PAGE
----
The Freedman Bureau, established immediately after the end of the Civil War, is an example of how trying to legislate away hatred and bitterness very rarely works. This is especially true when the legislation is combatting engrained animosity and a socio-economic system based on both a master slave environment combined with a caste system. The goals of the Freedman Bureau were noble; “The Bureau was authorized to distribute much-needed food, fuel, clothing, and medical supplies to the freedmen; to regulate labor and contracts; to aid in the founding of schools and churches; to ensure justice in all legal cases involving freedmen…”1. The reports of Bureau Agent Thomas P. Jackson, detail how these lofty goals became goals often left unmet; for several reasons each of which affected the situation of the individuals or groups involved. The local doctor, S.C. Harris offered his services, but due to a lack of funds and supplies was often unable to prescribe the needed medications.
The former rich landowners, the power brokers in Virginia, were desperate to regain their land and with their land their economic power. The poor whites, suddenly faced with competition for jobs began to overtly resent and resist the newly freed people. The freed people themselves, with little or no education were suddenly thrust into a competition with others for what were essentially the scraps. These individuals were destined to clash with both the authorities and each other.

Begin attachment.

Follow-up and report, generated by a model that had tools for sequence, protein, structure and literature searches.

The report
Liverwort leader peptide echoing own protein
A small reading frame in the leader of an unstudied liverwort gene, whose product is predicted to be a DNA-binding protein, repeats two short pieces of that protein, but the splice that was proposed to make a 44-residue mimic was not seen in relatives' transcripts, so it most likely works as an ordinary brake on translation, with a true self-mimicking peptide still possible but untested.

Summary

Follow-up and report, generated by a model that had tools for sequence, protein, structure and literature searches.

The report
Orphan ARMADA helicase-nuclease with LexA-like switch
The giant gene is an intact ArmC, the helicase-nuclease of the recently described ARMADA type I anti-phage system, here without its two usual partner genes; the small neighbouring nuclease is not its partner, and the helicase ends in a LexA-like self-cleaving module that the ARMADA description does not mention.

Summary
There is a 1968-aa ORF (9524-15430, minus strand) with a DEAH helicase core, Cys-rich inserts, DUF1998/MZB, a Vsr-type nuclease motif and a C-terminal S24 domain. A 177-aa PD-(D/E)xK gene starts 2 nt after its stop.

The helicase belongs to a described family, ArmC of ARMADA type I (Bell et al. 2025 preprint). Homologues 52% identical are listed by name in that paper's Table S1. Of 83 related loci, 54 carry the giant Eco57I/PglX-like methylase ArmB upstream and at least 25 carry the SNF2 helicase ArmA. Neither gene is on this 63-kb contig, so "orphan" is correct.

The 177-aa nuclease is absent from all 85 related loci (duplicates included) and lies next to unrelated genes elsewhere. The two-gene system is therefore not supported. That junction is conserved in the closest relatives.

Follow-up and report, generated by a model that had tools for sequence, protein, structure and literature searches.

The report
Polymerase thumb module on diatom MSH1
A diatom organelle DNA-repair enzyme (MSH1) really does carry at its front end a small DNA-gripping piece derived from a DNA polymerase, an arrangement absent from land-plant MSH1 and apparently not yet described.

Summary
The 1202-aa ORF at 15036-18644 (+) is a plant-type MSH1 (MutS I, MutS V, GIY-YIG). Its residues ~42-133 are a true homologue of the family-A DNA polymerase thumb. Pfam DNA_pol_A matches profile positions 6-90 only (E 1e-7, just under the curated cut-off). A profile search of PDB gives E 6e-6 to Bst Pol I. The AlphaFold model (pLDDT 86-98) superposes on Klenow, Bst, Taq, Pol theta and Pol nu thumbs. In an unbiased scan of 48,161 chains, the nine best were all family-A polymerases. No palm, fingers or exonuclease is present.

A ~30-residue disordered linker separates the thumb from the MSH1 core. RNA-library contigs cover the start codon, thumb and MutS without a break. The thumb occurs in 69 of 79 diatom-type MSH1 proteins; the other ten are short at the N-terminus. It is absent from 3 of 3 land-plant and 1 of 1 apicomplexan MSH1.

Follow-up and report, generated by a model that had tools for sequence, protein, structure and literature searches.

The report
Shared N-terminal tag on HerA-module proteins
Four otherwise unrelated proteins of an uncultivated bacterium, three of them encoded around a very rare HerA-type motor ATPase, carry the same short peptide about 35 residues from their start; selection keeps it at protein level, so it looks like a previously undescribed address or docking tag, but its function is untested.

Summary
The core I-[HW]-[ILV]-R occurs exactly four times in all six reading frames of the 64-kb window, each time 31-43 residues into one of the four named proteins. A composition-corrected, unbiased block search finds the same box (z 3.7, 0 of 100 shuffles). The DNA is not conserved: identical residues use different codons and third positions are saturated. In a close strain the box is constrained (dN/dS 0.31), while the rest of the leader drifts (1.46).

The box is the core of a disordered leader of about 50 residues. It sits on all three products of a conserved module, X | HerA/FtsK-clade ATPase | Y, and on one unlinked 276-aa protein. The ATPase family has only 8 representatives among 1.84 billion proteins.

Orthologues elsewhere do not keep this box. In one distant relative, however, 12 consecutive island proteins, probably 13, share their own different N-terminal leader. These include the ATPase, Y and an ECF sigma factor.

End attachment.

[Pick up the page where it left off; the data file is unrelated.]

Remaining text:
English native Thomas P. Jackson who served as the Bureau Agent from April 1867 to March 1868 appears to be woefully unprepared and ill-equipped to navigate the obstacles he encountered and the bureaucracy he was a part of. His initial request for more funds for Dr. Harris, “I therefore on behalf of many sufferers, some sick of typhoid fever, ask an appropriation of Twenty five ($25) per month” 2 displays an almost naive belief that government officials actually cared about the health and well-being of the people. Within a month Mr. Jackson realizes that the medical situation will not change, “I regret much that Dr. Harris informs me this morning he cannot afford his services and medicine longer, without remuneration sufficient to pay for the latter. ”3 The doctor was not the only one having trouble being paid for his labor. Employers began to take advantage of the lack of education of the freed people and soon after they started contracting with the freed people, they realized that there were no way the contracts could be enforced and thus they were able to cheat the workers out of their just earnings. In his September 30, 1867 report, Mr. Jackson writes, “…many employers are not disposed to treat with entire fairness the laborers they hire. This is becoming more apparent as engagements for the crop season or year come to a close, and disputes arise (now frequent) on the settlement .” 4 The freed people had little or no means of surviving without taking whatever they can receive from the employers. Again, in his September 30th report Mr. Jackson writes, “When I ask the question, why did you take all these goods or orders when your contract calls for money, the common answer is ‘I could not get money and my family had to eat and be clothed.’” 5 Trying to survive on a subsistence level only, proved almost impossible for many and as a result, there was rampant poverty and it left many of the sick, the widows, or otherwise deserted, destitute. 6 This downturn in the overall vitality and health of the community set the stage for a transition in which the landowners and former leaders of the state began to take back power and attempted to undo the new societal order.